Tag Archives: Non-Compete Agreements

New Noncompete Agreement Law in Massachusetts

Introduction On July 31, 2018, after years of debate and attempts at compromise, the Massachusetts legislature finally passed a bill that will fundamentally alter the use of noncompete agreements in the Commonwealth.  The bill was signed by Governor Baker on August 10, 2018, and the law will go into effect on October 1, 2018.  The new law will apply only to agreements that are signed on or after October 1, 2018. The law does not prohibit the use of noncompete agreements altogether, but it does create specific standards regarding the enforceability of such agreements. Coverage The new law applies to …

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Noncompete Agreement Bill Finally Passes in Massachusetts

On July 31, 2018, after years of debate and attempts at compromise, the Massachusetts legislature finally passed a bill that will fundamentally alter the use of noncompete agreements in the Commonwealth.  If the bill is signed by Governor Baker, the law will go into effect on October 1, 2018, and will apply only to agreements that are signed after that date.  The bill does not prohibit the use of noncompete agreements altogether, but it does create specific standards regarding the enforceability of such agreements.  Click here for the full alert.

Prepare to Consider Your Former Employees Your New Competition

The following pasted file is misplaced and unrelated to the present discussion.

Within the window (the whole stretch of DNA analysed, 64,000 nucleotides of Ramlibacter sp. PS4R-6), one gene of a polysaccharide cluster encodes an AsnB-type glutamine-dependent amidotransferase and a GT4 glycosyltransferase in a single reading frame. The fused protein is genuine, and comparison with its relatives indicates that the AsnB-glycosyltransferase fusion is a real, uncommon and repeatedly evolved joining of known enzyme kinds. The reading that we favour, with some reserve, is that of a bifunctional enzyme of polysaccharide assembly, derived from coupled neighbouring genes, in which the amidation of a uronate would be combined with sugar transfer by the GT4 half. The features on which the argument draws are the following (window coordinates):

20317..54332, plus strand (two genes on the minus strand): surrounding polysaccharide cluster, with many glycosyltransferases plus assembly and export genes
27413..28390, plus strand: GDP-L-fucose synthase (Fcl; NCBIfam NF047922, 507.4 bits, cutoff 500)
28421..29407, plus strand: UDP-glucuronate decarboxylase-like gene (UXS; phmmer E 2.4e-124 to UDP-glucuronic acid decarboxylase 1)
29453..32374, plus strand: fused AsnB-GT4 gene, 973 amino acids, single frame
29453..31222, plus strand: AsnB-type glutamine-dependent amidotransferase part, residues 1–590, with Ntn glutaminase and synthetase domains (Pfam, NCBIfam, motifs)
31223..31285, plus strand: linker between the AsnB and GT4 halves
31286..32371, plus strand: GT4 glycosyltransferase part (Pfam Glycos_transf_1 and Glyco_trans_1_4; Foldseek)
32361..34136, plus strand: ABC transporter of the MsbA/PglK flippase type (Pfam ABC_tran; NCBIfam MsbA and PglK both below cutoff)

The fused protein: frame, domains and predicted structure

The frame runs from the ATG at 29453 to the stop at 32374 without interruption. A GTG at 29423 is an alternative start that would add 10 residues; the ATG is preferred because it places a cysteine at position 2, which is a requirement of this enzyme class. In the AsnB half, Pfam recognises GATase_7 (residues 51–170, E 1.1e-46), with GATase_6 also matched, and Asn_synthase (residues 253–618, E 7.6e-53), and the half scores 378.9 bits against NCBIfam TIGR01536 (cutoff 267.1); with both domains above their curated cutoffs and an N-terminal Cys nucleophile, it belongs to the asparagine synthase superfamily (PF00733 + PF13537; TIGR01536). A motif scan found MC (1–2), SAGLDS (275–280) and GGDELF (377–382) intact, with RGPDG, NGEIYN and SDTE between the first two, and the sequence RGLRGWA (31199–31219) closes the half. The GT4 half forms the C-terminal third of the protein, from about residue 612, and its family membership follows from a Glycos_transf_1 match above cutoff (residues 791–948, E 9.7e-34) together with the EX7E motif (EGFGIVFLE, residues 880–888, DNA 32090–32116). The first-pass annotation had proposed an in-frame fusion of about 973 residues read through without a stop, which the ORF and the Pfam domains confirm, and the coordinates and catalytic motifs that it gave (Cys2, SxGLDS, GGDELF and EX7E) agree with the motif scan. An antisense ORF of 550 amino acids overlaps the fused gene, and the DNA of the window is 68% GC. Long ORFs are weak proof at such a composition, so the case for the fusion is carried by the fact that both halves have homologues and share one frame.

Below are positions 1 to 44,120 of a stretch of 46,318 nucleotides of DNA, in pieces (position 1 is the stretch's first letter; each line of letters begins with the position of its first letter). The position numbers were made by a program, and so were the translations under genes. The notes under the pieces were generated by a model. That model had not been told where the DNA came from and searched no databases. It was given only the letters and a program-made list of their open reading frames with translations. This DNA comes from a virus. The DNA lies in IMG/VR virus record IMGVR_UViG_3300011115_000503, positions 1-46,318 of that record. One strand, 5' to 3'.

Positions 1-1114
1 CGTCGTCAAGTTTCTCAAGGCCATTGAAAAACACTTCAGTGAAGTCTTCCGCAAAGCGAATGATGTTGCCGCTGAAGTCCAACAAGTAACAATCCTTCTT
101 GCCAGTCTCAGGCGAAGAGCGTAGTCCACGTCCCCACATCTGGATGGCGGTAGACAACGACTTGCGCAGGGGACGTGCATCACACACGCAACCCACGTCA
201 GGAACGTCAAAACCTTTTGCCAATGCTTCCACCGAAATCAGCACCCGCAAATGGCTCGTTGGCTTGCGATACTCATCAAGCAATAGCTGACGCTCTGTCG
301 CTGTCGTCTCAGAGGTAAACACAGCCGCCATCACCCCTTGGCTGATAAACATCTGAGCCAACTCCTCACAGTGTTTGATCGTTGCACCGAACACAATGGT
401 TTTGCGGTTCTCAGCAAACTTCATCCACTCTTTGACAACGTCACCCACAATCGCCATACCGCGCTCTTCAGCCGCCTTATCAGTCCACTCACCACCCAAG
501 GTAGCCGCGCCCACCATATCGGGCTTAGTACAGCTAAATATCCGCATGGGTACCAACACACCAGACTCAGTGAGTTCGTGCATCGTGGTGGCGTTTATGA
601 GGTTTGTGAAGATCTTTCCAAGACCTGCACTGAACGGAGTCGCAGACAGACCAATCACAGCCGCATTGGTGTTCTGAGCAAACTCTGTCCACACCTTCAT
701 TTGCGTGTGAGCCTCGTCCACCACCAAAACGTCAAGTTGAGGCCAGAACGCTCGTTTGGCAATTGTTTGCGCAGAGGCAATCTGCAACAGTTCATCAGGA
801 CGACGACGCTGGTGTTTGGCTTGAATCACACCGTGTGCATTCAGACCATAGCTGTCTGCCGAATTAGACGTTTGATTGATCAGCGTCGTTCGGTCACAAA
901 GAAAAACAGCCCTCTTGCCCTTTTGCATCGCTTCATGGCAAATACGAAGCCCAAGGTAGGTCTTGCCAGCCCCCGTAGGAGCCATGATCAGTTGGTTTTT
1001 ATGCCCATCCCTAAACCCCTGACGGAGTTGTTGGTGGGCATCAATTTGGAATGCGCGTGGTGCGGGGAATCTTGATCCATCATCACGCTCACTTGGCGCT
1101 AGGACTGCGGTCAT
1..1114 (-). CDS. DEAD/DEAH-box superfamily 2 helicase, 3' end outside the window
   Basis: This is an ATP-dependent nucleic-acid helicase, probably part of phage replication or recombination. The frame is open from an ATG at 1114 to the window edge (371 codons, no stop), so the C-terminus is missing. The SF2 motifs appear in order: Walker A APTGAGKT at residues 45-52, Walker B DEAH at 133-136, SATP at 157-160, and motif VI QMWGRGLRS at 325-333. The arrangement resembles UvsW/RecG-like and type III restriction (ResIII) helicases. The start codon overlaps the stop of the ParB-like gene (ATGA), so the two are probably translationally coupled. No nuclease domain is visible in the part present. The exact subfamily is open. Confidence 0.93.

There’s nothing that gets employers more fired up than a former employee jumping ship to join a competitor. But, in an effort to prevent such future angst, you’ve had your employees sign a non-compete. You’re golden, right? Perhaps not. When an employer has a non-compete in hand, it can mistakenly think it is fully protected from post-employment competition. Such a mistake can be costly. First, you may have to litigate the enforceability of the agreement. Then, you stand to lose a bunch of business when it turns out the agreement is worth less than the piece of paper it’s typed …

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Five Mistakes To Avoid in Drafting Non-Compete and Non-Solicitation Agreements

Employers often seek business protection by entering into agreements with employees that restrict their business activities after leaving employment. Such agreements may prohibit former employees from using confidential information, from soliciting customers or employees, and from competing against the employer. Time is of the essence when an employer learns that a former employee is violating his or her contractual obligations. Typically, the employer will quickly send a “cease and desist” notice to the employee and to his or her new employer. In some instances, the employer will also seek an expedited order in court that prohibits the former employee from …

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